Tragic “Ghost Ship” Oakland Warehouse Fire Shows Need for Stronger Life Safety Code Violation Enforcement

Another tragic fire at a large public gathering reminds us that life/fire safety issues can not be mitigated by laws alone. A horrific fire at the Oakland warehouse known as the “Ghost Ship” has led to the deaths of at least 36 people. The warehouse was used as a residence and art studio for many of the victims as well as a party venue. The building was zoned and coded ONLY for commercial use. In fact, there was a history of code violations. There are laws regarding zoning and life safety that were knowingly violated by the tenants at the Oakland warehouse. Life safety rules are designed to keep the public safe. Rules like keeping egress paths cleared, illuminated, and marked are basic life safety codes in modern society. Strict enforcement at the “Ghost Ship” may have led to fewer deaths or even prevented the tragedy. Complaints were lodged about the warehouse, but the wheels of bureaucracy turned slowly. Now, the District Attorney’s Office has launched a criminal investigation into the incident.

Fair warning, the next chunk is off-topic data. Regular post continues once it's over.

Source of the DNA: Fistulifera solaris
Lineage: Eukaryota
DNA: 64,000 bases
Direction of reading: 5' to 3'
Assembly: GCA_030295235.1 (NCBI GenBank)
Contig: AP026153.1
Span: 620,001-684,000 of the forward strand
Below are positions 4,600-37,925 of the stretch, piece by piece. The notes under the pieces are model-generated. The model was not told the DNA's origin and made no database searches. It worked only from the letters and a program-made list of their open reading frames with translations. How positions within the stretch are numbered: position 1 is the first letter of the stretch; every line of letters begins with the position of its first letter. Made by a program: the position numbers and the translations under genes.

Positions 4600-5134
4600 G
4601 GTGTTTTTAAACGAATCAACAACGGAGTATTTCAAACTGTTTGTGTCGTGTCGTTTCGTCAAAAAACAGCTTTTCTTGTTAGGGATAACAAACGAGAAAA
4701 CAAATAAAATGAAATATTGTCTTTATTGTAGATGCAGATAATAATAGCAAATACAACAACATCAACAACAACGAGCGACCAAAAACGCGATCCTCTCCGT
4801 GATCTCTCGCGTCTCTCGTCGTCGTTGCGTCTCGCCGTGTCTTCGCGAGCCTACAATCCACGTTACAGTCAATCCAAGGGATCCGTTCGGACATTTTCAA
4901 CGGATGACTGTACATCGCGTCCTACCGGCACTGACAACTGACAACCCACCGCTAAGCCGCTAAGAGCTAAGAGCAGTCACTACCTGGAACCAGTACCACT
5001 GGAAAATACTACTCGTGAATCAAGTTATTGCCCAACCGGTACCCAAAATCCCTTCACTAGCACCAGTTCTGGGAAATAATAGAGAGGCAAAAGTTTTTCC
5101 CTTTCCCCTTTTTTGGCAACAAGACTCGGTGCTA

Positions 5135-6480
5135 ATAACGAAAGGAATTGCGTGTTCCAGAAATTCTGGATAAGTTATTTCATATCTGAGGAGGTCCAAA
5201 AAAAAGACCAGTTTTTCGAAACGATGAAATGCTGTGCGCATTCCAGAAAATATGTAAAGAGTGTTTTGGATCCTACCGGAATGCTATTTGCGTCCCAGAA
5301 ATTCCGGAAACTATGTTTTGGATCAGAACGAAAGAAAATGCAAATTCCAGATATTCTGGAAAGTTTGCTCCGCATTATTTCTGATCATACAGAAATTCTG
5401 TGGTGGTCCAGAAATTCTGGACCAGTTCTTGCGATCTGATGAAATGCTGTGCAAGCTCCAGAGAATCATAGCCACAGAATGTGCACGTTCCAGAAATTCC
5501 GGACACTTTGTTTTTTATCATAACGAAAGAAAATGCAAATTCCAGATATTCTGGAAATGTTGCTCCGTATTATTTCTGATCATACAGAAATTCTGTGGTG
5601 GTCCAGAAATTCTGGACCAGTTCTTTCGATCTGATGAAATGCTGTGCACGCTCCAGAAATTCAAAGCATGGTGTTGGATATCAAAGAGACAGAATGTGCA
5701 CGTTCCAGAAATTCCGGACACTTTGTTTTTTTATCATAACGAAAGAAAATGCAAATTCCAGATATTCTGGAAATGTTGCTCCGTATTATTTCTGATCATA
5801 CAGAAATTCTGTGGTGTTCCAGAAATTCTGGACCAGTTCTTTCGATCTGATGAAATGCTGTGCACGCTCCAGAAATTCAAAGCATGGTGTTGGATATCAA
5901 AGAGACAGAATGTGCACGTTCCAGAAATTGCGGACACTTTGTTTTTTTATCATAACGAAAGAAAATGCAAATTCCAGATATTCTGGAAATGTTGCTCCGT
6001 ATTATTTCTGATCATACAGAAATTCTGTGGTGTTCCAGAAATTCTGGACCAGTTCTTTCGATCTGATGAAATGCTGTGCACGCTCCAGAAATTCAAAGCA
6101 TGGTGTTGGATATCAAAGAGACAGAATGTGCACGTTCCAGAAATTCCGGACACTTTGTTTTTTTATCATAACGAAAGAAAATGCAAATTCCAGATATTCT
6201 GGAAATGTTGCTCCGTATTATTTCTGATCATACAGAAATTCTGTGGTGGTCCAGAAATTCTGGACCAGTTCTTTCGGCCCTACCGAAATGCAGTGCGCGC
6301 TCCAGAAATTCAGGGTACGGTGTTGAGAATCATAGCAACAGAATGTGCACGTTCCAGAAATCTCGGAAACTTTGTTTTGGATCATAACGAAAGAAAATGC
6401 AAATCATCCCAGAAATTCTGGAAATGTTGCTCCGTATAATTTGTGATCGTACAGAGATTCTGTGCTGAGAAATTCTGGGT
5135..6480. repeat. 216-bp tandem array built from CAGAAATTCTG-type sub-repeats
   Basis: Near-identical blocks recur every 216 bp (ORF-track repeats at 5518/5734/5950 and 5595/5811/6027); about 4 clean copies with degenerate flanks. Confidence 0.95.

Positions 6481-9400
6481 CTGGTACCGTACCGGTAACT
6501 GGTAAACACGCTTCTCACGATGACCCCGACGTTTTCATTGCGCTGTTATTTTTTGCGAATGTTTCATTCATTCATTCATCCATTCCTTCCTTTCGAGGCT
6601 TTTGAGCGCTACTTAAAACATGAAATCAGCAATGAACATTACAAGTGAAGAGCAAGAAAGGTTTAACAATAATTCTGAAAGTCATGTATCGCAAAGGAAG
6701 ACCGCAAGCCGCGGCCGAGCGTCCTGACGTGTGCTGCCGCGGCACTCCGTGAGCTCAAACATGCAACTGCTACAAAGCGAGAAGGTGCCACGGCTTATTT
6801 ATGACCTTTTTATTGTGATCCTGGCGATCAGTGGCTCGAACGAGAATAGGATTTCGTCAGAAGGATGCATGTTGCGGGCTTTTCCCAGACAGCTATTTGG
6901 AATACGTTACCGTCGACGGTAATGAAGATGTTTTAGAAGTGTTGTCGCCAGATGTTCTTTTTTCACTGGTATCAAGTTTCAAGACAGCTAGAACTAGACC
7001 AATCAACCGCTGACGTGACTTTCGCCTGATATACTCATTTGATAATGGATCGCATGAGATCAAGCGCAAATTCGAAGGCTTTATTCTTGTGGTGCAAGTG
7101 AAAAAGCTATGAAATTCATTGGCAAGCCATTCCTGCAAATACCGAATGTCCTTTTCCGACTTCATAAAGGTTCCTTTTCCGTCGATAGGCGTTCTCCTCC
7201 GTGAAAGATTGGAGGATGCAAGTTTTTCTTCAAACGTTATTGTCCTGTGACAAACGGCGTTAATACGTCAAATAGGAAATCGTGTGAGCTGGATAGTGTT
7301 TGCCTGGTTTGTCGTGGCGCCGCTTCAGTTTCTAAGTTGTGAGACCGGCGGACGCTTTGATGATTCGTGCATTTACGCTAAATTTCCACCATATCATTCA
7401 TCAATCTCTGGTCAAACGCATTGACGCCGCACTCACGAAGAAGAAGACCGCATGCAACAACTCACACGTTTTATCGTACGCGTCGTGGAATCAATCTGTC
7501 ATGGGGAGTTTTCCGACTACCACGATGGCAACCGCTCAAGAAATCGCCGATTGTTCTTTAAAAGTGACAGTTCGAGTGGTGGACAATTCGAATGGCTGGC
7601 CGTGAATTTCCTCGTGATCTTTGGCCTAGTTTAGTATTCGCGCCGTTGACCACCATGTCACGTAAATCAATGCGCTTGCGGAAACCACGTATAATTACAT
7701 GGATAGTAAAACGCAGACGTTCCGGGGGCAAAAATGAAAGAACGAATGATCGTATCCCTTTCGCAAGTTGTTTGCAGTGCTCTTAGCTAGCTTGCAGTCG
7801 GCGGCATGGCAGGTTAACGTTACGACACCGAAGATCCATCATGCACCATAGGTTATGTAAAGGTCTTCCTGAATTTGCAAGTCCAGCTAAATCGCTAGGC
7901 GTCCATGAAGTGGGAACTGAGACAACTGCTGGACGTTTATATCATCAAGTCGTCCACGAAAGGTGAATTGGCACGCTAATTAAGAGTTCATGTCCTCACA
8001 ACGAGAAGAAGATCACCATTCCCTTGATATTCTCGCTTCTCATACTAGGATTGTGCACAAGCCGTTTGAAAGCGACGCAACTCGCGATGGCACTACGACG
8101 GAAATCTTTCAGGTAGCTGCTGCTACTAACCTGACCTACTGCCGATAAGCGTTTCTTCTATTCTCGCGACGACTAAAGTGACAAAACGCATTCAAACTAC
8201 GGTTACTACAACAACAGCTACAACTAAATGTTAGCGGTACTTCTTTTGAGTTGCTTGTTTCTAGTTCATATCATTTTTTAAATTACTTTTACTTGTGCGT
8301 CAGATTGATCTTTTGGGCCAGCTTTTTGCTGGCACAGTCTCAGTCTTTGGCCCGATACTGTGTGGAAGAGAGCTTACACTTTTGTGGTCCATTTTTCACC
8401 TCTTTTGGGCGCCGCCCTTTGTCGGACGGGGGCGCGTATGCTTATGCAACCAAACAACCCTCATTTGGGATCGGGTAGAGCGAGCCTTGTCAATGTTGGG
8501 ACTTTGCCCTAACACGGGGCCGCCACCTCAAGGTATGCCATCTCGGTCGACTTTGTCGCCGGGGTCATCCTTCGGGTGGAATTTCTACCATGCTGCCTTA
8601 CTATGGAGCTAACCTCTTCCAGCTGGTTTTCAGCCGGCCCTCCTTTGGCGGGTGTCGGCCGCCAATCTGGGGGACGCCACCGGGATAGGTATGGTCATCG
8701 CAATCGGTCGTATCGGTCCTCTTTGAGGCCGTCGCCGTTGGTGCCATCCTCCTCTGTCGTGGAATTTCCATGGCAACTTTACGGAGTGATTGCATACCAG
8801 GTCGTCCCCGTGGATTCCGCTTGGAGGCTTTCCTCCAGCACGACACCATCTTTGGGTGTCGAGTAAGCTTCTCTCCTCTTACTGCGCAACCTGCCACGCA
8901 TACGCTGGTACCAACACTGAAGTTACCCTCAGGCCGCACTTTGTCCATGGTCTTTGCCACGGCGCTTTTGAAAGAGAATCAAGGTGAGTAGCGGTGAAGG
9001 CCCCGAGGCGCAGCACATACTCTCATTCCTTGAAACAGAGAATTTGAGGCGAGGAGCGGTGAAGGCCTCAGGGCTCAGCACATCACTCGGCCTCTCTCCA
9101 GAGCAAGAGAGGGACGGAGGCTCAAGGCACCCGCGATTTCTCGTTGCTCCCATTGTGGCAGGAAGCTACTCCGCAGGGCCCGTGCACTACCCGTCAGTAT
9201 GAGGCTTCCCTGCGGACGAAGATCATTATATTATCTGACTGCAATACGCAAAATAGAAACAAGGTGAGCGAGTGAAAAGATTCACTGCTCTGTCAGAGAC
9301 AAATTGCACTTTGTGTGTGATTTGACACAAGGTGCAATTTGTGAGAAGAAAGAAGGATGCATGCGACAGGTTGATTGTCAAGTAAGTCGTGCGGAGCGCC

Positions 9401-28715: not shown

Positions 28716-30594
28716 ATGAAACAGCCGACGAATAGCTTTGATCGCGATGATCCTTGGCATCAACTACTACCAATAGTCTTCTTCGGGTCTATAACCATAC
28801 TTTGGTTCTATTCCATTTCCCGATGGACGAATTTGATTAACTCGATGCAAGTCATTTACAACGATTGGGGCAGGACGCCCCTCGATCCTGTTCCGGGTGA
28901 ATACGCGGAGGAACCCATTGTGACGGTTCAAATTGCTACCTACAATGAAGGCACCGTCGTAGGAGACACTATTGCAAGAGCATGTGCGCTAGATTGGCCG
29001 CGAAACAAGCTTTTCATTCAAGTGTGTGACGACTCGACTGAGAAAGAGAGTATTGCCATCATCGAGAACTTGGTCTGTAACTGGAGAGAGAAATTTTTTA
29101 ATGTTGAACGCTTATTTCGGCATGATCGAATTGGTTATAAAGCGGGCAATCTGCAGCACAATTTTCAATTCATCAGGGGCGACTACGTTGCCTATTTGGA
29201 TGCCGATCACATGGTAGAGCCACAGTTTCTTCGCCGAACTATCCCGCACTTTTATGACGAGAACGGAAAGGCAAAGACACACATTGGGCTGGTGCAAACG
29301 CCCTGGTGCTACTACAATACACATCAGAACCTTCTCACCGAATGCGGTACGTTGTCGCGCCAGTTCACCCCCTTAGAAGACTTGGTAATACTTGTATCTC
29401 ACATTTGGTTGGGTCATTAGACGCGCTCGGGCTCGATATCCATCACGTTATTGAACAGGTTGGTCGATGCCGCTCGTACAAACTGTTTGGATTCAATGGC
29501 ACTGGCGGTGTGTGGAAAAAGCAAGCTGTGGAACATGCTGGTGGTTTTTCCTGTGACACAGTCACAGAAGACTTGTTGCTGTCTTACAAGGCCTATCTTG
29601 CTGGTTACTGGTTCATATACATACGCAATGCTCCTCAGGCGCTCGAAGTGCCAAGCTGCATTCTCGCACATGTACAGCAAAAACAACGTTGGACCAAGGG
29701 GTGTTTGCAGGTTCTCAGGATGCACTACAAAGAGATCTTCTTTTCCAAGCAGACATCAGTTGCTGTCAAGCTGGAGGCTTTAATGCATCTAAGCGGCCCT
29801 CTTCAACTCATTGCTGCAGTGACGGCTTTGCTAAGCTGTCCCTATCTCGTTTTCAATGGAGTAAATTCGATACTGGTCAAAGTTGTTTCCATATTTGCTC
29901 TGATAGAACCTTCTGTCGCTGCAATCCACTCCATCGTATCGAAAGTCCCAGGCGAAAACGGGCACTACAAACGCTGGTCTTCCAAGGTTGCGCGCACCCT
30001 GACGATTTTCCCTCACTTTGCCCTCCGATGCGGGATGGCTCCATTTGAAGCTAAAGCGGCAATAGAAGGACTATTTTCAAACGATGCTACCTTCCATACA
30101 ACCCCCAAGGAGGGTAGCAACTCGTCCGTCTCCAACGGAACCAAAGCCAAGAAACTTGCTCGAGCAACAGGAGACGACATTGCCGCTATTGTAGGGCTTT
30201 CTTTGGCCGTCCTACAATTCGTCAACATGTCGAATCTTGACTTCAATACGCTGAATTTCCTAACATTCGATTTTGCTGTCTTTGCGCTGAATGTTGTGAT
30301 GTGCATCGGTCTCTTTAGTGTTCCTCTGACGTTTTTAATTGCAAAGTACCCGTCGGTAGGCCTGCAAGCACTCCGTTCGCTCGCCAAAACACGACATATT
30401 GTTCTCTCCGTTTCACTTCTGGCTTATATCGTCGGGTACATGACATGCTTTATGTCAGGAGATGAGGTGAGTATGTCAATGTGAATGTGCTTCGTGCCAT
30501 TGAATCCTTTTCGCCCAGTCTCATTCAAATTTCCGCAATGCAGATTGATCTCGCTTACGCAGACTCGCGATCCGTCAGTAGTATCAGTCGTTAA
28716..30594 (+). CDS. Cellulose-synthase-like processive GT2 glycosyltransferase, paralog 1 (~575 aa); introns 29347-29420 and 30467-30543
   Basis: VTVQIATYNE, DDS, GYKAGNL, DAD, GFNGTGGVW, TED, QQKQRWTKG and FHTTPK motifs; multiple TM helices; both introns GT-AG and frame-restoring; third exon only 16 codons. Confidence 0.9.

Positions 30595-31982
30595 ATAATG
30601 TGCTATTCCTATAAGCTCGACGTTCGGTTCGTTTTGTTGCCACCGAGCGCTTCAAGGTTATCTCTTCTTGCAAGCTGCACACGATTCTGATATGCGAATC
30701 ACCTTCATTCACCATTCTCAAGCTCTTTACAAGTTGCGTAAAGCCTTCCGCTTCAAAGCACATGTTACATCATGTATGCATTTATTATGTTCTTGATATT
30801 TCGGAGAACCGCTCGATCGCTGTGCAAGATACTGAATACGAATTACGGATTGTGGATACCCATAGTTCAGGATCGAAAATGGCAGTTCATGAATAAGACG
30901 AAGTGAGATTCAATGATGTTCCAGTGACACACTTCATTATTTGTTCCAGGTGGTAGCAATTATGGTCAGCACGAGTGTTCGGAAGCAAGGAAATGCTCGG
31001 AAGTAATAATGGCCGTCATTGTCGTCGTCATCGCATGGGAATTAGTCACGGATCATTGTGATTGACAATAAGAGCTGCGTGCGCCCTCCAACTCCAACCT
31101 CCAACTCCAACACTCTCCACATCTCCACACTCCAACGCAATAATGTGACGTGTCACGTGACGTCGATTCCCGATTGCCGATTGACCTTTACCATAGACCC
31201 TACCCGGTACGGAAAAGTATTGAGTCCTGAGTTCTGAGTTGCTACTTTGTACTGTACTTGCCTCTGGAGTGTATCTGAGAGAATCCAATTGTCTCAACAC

Our blog posting of February 4, 2013 “Surviving a Nightclub Fire” offers some advice about how to 1) avoid or 2) increase chances of surviving such an event. It also offers guidance for building owners/managers.

Historical Influences on Emergency Requirements

Tragedies such as the Bangladesh Clothing Factory Fire earlier this week highlight the need for emergency preparedness, including proper exit signage and emergency egress lighting. Unfortunately, a number of similar tragedies have shaped the laws and requirements throughout the United States:

 

 
  • On February 2, 1860 the six-story Elm Street Tenement in New York City caught fire killing 20. This fire along with a similar earlier fire led to a state law, the first in the nation, requiring fire escapes on all buildings over 6 stories, and multiple exits in new buildings.
  • On January 13, 1908, fire during a stage play at the Rhoads Opera House in Boyertown, Pennsylvania killed 171, one-tenth of the town’s population. As a result of the disaster, Pennsylvania’s first fire law was enacted in 1909.
  • On March 29, 1953, the Littlefield’s Nursing Home Fire in Largo, Florida claimed 33 lives. The fire shocked the community and led to statewide nursing home reforms.
 

Read about other historical events that shaped fire code requirements in your own state (as well as current code requirements) using our Fire Code Map.